The article reports:
A tax starting at $20 a metric ton of carbon dioxide equivalent and rising at about 6 percent a year could raise $154 billion by 2021, Nick Robins, an analyst at the bank in London, said today in an e-mailed research note, citing Congressional Research Service estimates. “Applied to the Congressional Budget Office’s 2012 baseline, this would halve the fiscal deficit by 2022,” Robins said.
The article further reports:
The tax would not necessarily add to the economy’s total tax burden, according to Elliot Diringer, executive vice president of the research group. Such a tax may free up space for reductions in company taxes that dissuade employment, for example, Diringer said in an interview from Arlington.
“We have lots of need for new revenue to address our challenges,” which include priorities for conservatives such as extending tax cuts, avoiding deep defense cuts, reducing the corporate tax rate, reforming tax territoriality, and deficit reduction, the group said today in an e-mailed statement.
There are more than a few problems with this idea. Someone is going to have to pay this tax. If corporations pay it, the price of whatever they produce goes up, and the already beleaguered consumer pays higher prices. If the average American pays the tax, the standard of living in America, which has already fallen in the past four years, falls lower. This is an ideal way to create more poverty in America. Also, note the comment that ‘we have lots of need for new revenue.’ There is no recognition of the fact that we are overspending. In order for the American economy to thrive, government spending needs to be about 18 or 19 percent of the gross domestic product (GDP). The problem with the Obama Administration is that their goal is to make it closer to 25 percent. That difference is largely responsible for the increases in the deficit under the Obama Administration.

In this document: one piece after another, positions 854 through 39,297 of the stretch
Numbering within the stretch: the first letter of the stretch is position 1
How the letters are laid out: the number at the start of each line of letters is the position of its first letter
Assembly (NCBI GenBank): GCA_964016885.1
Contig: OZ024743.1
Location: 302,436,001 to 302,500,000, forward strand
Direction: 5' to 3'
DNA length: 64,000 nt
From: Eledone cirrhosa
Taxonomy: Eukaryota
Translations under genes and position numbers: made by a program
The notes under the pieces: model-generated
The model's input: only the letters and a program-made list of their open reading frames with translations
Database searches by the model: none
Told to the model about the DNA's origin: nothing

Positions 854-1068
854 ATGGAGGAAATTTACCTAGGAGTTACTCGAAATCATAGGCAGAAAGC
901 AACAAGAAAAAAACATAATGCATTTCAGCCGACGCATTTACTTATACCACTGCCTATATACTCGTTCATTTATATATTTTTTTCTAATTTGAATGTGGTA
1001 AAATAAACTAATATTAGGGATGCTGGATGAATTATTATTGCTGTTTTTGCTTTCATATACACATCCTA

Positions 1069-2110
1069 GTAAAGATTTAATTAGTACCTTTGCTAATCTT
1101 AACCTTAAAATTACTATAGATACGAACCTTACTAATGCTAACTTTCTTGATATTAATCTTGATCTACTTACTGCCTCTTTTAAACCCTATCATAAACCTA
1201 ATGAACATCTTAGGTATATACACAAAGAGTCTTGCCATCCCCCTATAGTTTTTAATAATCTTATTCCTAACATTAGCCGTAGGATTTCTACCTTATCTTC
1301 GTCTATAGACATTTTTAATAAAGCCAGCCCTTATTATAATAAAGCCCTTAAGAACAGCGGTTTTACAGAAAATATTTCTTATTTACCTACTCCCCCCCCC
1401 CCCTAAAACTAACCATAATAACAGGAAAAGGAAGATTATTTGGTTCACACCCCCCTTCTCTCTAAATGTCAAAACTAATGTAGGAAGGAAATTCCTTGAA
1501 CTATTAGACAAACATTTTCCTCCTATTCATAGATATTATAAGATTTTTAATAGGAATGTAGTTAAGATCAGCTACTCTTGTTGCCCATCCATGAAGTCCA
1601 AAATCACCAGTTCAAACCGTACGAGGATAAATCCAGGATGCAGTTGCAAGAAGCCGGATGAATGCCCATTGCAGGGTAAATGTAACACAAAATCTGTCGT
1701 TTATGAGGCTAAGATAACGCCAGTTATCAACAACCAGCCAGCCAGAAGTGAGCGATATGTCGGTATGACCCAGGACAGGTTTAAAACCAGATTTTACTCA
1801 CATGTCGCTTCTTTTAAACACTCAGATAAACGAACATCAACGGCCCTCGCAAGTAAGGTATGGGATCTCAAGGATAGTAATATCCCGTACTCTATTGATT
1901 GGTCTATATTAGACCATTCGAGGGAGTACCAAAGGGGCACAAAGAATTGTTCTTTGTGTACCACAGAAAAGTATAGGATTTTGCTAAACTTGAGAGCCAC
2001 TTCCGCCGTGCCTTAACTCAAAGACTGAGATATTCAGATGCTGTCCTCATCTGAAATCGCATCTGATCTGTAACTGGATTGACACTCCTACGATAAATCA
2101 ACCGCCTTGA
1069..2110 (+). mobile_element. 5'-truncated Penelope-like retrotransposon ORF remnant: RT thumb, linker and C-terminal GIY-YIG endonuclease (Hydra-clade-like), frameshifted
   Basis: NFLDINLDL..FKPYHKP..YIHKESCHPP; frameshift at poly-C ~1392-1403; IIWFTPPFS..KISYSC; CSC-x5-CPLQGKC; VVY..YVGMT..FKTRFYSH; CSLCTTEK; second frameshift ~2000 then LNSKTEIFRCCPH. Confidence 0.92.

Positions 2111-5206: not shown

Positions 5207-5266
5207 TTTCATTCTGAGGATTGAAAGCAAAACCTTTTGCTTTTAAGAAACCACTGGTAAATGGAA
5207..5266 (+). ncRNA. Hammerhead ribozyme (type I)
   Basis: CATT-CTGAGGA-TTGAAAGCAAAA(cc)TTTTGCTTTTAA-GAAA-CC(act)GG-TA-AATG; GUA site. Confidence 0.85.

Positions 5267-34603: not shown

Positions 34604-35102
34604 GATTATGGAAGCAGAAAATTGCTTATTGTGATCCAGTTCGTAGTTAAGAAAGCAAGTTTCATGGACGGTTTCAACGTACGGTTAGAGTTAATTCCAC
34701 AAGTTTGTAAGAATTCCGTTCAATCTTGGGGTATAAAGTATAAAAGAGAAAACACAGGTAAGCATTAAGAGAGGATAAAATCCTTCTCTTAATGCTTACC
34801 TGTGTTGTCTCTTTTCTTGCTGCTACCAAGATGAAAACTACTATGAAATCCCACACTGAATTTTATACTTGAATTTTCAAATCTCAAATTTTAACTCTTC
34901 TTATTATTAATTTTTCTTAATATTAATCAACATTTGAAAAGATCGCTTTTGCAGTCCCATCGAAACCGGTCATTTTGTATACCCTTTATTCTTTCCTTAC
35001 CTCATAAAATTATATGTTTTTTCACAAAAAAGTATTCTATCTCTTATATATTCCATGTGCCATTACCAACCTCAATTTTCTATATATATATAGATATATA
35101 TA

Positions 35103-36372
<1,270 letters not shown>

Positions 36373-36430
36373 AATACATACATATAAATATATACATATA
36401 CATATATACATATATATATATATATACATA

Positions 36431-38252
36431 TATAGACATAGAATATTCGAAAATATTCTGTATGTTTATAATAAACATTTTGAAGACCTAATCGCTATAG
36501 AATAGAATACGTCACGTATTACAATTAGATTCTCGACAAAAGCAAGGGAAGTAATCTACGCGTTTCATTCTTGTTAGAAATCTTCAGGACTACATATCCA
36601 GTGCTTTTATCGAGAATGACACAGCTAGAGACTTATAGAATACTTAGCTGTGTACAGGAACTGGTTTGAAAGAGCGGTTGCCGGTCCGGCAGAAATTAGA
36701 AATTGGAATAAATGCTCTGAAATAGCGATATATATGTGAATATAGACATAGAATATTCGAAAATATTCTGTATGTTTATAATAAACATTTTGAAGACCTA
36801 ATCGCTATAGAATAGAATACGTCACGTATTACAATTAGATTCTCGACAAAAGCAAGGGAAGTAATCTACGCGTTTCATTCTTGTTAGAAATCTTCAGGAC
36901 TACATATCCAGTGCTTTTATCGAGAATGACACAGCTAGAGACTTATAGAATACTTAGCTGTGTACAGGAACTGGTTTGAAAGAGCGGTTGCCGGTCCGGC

Intellectualtakeout.org posted a chart showing the growth of government spending in relationship to the GDP. Please follow the link to see the chart.
Until we decrease spending to below 20 percent of the gross domestic product, the economy will not grow. We also need to remember that if interest rates go up (which they eventually will), our interest payments will be the biggest part of our budget. You can’t run a country on a maxed-out credit card.